There are various types of the Springblade out there. You have the Adidas Springblade Drive that is created to be there all-rounder running shoe form this range. It offers the ESM-mesh technology which is supposed to help improve the breathability as well as comfort while at the same time staying very conforming to the form of the feet. The Drive is suggested to be the best option for those seeking a more all purpose cross-training shoe and simply want one shoe that addresses all of their requirements. The next shoe in the line-up is the Adidas Springblade Razor which is more firm than the Drive so that it supports the foot better in place. It is devised for runners using the track alot more for faster training as opposed to the road. The last shoe in the selection is just called the Springblade. It is considered the workhorse of the Adidas range. The shoe features a tech-fit upper construction that does trade-off some levels of breathability for further flexibility and comfort. An additional different feature of this range is when you order the footwear through the website, you can personalize it by incorporating personalized reaches.
Abebe Bikila was a marathon runner from Ethiopia, winning dual Olympic gold medals: Rome in 1960 and Tokyo in 1964. He died in 1973 at the age of forty one from troubles after having a car accident. There’s a arena in Addis Ababa named after him. Google recognized him with one of Google’s doodles on which would have been his 81st birthday on 7 August 2013.
1960 Olympic Marathon in Rome: Abebe was a last minute substitute in the Ethiopian squad for that Olympics. He had no athletic shoes to run in and Adidas, the official sponsor only had a few pairs left that didn’t fit him, and so he competed in the marathon without running shoes (he previously had been running without running shoes). He won the race in a time of 2hr 15min. After the marathon, responding to an inquiry as to why he ran without shoes, Bikila answered: “I wanted the whole world to know that my country, Ethiopia, has always won with determination and heroism.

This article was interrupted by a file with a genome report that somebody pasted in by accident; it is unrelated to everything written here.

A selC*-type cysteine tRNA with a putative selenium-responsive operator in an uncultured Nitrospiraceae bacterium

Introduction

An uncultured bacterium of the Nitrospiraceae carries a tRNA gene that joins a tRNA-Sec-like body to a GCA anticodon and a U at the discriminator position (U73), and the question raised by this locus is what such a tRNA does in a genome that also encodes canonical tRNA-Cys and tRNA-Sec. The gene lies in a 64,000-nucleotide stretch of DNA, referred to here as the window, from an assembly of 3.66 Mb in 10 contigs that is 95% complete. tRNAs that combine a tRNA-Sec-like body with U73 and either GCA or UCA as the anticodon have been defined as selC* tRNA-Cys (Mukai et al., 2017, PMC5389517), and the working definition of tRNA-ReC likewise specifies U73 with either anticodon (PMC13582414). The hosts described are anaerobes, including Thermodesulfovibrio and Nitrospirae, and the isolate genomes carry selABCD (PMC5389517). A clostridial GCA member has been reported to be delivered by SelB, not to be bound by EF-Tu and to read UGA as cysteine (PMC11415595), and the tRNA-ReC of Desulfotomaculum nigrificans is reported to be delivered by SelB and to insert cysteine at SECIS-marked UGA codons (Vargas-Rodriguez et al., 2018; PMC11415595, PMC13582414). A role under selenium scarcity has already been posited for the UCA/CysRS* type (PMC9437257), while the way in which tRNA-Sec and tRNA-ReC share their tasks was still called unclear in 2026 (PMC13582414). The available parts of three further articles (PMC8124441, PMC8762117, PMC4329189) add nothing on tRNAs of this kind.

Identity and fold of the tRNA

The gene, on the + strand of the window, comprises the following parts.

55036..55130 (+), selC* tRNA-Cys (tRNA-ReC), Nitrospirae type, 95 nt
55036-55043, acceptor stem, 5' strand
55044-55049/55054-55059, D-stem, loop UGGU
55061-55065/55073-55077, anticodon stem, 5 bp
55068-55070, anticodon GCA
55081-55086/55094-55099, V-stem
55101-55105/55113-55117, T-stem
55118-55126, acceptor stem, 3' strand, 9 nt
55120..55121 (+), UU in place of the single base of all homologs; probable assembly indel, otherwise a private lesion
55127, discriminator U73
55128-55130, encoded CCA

1964 Olympic Marathon in Tokyo:
Forty days before the Olympics he was operated on for an serious appendicitis and at one stage it was believed that he would probably struggle to take part. Abebe went on to win this marathon in a world record time of 2hr 12min, being the first runner to win two Olympic marathons. Bikila was using Puma athletic shoes in the race (which he also competed in to finish 5th in the 1963 Boston Marathon).
Abebe is an easy to mild heel striker with some midfoot strikes as well. Despite that, he is not overstriding and did break a world record. Bikila is oftentimes held up by the barefoot running community as a idol for running the marathon without running shoes (as well as other elite athletes). Critics of that like to point out that he did compete faster and break a world record when using running shoes.
As part of Abebe’s legacy, the minimal running shoe maker, Vibram FiveFingers have the Bikila model of their range branded after abebe. Early in 2015, the descendants of Abebe Bikila announced they were beginning a law suit against Vibram for registering the ‘Bikila’ name without authorization.
The new entrant into the running footwear market is an original shoe from Enko. These new athletic shoes from France were first publicized in late 2014 and produced through a crowd funding project at Indiegogo at the beginning of 2015.
This shoe features mechanical spring loaded pieces that are included in the midsole. This particular design provides the shoe with increased shock absorption as well as energy return. This is advertised to help increase comfort as well as performance. The springs are interchangeable and are calculated depending on the weight of the runner. Calculations supplied by the company claim that the gains provided by the shock absorbers in terms of mechanical energy is somewhere between 6% and 14% based on the pace of the runner.
It’s not at all obvious if the shoe will likely be widely adopted at this point, but some issues have been expressed about the structure and how it might impact the lower limb biomechanics.